Extract from A Time to Speak by Helen Lewis, Founder of Belfast Modern Dance Group

Helen Lewis was a student of dance in Prague when the Second World War intervened and was taken to a ghetto and further transported to a concentration camp and led out in great fear in death marches.  My main motivation in reading this book was her connection to dance and especially dance in Belfast for which she was honoured for in her lifetime and her spirit of survival, to survive the worst of circumstances.  The following extract particularly stood out for me,

“This in itself ws remarkable in the circumstances but what had taken place inside myself was miraculous.  I had forgotten the time and the place and I had even forgotten myself.  I hadn’t noticed that it had become quiet in the hall, that the other reharsals had stopped and that everyone was standing round watching… where there had been chaos, there was now a dance.  The girls were delighted, there was a burst of applause and shouting; the shouting became a refrain: Dance for us, please dance for us.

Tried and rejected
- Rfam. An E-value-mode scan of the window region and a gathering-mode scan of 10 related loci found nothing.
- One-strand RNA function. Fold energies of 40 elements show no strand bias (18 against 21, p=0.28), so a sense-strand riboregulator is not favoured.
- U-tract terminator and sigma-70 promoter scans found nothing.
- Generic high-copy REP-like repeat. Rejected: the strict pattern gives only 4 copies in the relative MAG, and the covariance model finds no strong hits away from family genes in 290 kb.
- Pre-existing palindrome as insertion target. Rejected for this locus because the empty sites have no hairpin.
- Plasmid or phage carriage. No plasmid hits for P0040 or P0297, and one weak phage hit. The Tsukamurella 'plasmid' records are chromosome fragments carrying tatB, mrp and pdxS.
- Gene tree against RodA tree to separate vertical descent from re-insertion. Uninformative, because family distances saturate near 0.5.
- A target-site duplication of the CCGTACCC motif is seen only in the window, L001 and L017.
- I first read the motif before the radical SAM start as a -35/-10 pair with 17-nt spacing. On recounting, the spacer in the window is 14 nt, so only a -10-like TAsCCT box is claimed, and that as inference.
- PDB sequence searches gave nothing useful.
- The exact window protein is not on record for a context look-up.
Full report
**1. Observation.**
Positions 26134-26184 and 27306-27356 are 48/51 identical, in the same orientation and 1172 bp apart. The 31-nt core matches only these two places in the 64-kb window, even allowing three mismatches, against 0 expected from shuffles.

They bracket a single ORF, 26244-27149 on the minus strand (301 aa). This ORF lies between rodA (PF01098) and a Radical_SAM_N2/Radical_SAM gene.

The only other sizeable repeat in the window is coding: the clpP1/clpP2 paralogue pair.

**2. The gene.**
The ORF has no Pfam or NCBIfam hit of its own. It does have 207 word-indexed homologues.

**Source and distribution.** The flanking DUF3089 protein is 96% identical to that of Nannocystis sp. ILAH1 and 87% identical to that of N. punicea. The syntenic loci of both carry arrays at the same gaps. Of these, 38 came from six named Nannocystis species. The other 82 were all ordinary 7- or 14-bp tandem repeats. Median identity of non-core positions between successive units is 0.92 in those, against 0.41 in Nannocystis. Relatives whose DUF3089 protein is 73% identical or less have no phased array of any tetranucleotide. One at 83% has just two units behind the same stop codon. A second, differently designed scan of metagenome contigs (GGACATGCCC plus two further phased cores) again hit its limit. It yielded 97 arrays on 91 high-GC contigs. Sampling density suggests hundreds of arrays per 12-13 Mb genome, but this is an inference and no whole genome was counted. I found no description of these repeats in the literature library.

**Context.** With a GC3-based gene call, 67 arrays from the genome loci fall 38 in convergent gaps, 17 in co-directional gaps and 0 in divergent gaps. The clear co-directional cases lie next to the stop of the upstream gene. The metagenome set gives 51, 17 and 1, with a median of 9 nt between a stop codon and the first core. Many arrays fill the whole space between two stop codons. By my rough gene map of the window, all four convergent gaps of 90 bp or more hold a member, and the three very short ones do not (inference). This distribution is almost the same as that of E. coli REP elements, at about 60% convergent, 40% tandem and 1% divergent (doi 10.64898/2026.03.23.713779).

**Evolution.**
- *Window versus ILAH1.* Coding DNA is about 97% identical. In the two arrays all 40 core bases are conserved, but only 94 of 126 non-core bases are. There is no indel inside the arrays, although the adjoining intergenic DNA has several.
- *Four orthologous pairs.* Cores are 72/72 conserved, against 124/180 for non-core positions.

The trance held.  I took off my wooden shoes… and I danced.  I, dance with frostbitten feet?  I didn’t care or try to understand, I danced and that was enough.

Helen Lewis is honoured in the re-furbished Crescent Arts Centre as she contributed greatly to this organisation, with a dance studio in her name and a wall painting and quotation.  The dance studio is on the second floor and I suggest that if you in any way wonder about the effects of dance and the impact it can have on lives, please check this out and absorb what the quotation says.

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Ballet on the Box